Do you know the password?
I've always found it irritating to have to remember my myriad passwords. As a result, I'd always used Google's 'remember me' feature... Until a few months ago - I'd had some issues trying to log into things after Google had decided it no longer remembered me. That was when a colleague of mine told me about LastPass. LastPass provides a similar service to Google's 'remember me' feature, but doesn't seem to forget you.
That said, if like me, you need to log in to various peoples' accounts on any given website, or piece of cloud hosted software, on a daily basis - LastPass can get confused occasionally, but it gives you more control and generally does make life easier for people like me, who can't be bothered trying to remember every single password they have.
Which brings me, in a roundabout way, to the subject of today's blog post: Passwords.
Lots of businesses have a variety of passwords for all sorts of different things. From online banking and accounting software, to Google Adwords. Social Media to CRM software. All of which contain sensitive information. And all of which often need more than one person to know the password.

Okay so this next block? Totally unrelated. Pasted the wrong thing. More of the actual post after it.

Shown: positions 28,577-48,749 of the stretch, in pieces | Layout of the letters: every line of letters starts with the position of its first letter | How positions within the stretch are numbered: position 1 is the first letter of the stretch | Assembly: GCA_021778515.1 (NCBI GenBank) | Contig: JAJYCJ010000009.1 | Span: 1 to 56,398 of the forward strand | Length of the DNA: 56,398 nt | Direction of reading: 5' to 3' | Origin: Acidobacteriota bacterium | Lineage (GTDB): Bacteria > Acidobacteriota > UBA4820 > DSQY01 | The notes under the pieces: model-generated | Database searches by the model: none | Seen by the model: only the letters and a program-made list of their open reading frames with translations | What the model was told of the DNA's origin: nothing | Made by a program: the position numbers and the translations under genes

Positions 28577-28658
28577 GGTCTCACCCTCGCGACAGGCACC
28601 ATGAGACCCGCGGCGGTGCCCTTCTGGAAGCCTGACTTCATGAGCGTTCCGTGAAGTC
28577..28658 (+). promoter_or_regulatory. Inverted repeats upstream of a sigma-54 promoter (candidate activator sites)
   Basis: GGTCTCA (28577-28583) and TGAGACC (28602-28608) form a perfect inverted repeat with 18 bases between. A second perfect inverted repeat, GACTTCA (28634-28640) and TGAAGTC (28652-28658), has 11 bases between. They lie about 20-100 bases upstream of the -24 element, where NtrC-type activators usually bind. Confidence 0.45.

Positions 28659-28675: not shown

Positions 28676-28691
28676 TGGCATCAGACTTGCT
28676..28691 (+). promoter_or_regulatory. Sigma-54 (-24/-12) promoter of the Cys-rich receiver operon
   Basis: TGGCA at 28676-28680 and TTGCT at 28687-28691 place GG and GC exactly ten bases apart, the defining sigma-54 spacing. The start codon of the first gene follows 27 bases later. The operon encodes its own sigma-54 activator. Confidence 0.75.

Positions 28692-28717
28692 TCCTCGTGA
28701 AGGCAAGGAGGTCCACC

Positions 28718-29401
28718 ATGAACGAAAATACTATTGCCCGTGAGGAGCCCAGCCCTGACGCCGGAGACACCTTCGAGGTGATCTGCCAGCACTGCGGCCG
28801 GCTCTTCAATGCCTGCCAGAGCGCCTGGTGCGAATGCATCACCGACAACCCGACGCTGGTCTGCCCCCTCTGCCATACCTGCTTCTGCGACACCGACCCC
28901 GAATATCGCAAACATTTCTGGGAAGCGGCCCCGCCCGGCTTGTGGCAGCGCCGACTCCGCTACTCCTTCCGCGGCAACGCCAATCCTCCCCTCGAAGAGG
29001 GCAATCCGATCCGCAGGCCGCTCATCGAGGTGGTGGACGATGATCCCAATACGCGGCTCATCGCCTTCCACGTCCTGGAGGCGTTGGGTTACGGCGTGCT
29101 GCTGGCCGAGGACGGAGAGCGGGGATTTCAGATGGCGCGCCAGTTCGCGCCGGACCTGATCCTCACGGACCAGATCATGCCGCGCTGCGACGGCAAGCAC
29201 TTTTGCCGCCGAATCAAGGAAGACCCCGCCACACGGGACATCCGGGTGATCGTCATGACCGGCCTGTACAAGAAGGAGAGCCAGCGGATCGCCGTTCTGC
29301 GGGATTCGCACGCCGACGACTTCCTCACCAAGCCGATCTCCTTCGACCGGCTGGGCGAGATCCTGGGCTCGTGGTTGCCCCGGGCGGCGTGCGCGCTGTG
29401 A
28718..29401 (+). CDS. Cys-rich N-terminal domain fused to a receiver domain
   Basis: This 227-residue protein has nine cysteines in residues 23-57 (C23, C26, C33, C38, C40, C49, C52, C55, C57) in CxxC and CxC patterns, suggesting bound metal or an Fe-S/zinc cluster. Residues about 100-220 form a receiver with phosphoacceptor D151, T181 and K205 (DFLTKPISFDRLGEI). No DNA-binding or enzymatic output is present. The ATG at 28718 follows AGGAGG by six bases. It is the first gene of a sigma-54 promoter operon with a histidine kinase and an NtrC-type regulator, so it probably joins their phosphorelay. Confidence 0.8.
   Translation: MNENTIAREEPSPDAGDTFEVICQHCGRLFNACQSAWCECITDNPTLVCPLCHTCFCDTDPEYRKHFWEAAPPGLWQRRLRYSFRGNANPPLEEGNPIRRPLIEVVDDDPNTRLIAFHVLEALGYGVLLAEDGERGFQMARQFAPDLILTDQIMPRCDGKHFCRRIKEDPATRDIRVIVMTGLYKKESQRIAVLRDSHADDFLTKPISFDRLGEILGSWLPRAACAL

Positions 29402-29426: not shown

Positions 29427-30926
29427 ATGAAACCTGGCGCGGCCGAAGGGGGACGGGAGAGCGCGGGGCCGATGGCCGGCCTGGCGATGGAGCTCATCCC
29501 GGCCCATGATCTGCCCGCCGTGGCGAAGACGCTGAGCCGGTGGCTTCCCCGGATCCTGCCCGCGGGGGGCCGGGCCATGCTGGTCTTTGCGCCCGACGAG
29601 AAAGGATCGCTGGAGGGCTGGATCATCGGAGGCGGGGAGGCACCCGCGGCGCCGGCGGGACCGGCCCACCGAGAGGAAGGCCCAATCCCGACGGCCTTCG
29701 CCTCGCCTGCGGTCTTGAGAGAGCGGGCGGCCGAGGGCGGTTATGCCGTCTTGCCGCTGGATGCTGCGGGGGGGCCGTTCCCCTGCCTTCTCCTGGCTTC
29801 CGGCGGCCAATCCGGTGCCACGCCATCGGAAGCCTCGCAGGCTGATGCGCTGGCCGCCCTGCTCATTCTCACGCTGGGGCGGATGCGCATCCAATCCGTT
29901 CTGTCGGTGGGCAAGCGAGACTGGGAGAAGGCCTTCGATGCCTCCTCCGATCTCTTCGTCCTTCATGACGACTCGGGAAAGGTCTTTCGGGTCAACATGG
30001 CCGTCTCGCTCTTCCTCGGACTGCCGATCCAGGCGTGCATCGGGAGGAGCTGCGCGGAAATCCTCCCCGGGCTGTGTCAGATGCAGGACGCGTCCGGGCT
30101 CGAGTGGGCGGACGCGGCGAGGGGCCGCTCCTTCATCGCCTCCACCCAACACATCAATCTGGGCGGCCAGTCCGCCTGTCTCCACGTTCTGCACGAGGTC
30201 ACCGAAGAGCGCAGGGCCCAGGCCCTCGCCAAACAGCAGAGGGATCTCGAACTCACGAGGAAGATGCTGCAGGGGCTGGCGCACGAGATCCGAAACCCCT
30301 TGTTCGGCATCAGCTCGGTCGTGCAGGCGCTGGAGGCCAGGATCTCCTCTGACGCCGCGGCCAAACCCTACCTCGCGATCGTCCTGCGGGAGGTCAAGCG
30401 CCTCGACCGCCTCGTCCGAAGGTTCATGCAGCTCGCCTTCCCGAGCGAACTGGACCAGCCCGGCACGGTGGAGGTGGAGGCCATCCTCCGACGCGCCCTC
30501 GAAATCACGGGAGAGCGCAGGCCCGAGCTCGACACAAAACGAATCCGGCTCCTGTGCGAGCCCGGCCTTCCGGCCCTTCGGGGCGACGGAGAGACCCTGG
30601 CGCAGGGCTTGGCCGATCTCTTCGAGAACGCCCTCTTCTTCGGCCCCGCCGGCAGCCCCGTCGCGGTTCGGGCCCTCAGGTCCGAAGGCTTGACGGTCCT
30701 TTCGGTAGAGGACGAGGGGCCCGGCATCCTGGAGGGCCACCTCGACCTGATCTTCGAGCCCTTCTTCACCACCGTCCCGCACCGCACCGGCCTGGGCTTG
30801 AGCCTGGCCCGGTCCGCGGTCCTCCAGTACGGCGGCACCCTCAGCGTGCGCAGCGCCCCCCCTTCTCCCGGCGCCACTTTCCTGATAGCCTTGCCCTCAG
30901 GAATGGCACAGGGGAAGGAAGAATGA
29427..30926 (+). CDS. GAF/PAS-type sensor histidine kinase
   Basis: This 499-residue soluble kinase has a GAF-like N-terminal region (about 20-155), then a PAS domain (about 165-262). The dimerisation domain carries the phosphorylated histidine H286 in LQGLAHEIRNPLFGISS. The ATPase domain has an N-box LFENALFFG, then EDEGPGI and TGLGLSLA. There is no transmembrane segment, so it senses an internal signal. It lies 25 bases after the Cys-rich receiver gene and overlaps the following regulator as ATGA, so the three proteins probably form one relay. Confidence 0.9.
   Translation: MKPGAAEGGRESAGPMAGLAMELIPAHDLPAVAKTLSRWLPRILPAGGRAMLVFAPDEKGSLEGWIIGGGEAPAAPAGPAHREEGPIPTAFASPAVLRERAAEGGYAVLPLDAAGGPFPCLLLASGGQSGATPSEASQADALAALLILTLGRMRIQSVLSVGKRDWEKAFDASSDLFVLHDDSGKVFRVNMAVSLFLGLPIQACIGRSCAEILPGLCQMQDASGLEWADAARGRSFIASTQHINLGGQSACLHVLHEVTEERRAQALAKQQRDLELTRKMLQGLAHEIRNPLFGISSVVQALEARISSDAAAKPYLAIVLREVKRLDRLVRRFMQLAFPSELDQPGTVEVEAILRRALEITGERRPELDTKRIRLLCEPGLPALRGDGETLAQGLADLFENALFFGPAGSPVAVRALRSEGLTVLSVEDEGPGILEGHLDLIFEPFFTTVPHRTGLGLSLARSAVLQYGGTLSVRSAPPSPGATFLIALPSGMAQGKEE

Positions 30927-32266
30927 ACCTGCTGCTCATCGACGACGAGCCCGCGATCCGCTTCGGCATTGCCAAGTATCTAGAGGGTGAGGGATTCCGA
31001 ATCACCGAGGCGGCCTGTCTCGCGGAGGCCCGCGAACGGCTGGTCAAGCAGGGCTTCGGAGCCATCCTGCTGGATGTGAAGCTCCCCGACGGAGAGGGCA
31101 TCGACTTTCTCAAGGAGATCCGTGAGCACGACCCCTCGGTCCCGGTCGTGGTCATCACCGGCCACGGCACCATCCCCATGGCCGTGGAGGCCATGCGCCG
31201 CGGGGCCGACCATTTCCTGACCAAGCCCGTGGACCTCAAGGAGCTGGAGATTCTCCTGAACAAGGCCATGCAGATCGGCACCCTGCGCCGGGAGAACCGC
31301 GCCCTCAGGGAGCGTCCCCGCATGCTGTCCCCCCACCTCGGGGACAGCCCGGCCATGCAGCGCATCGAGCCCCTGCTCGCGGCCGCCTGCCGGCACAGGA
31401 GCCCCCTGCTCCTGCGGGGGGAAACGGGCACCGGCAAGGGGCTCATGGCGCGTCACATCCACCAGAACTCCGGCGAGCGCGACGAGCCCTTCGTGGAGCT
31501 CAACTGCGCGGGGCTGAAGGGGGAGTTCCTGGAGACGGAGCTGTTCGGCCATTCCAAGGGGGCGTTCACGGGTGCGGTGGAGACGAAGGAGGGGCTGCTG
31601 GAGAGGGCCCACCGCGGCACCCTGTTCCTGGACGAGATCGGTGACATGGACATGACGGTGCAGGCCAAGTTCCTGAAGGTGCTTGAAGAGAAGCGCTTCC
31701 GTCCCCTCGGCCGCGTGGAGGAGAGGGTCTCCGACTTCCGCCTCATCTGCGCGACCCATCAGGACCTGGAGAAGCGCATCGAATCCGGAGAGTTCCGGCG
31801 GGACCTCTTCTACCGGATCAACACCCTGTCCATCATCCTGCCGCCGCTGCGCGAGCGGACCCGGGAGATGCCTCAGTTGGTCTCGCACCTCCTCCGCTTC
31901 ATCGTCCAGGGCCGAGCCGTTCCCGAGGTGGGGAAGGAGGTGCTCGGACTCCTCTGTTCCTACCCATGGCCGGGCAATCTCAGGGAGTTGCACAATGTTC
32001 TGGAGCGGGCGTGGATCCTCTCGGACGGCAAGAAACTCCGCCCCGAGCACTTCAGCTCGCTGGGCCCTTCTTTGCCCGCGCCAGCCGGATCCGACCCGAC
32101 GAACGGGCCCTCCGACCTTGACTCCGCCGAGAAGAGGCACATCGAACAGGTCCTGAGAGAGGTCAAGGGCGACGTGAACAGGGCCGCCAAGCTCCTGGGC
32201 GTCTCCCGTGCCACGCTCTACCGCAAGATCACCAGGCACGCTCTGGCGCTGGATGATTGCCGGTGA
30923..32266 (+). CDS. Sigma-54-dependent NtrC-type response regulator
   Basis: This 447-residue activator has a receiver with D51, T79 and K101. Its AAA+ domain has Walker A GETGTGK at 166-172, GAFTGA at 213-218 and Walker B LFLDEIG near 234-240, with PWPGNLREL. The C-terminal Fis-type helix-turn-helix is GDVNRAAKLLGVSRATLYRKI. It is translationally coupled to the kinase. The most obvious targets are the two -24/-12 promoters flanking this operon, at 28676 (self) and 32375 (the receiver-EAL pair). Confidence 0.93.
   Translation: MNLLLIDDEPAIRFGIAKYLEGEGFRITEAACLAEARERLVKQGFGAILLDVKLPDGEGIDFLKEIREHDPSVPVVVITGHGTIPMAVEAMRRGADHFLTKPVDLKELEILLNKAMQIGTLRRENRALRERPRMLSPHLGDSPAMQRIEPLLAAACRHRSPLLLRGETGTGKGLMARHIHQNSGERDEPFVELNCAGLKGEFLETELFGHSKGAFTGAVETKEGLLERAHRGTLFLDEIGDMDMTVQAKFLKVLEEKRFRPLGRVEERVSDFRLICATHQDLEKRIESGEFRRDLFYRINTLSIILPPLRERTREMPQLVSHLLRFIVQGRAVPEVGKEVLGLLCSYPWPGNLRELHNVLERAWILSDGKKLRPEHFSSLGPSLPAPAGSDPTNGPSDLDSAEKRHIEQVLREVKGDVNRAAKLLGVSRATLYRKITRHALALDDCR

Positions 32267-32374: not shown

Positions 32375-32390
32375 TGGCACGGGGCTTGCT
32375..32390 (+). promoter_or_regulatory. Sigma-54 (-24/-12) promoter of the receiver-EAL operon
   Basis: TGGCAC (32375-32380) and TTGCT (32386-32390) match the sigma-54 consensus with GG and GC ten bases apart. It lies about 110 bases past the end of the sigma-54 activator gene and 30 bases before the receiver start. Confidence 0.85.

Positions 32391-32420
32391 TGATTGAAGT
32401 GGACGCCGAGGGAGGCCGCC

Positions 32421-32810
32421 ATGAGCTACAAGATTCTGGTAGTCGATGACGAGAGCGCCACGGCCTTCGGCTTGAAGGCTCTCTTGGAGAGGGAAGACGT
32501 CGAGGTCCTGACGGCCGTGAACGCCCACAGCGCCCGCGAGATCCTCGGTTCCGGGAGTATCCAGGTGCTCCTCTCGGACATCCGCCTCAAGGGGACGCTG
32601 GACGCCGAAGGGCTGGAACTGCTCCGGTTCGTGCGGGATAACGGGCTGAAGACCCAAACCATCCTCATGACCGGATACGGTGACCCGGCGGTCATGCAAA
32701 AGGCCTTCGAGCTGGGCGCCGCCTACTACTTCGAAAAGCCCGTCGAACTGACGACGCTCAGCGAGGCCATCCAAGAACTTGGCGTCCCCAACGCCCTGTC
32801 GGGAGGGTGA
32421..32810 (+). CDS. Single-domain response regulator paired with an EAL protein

'Makes sense', you might think. 'If several people need to use that programme, then they all need to know the password'. Although, to an extent, this is correct. It is still not the safest way to go about keeping your passwords and business secure.
LastPass gives you the opportunity to have one person who knows the passwords, but multiple people who can access the software they are securing.
Don't believe me?
Take a look at this cool infographic and give LastPass a go.
And no, I'm not being paid by LastPass to write this!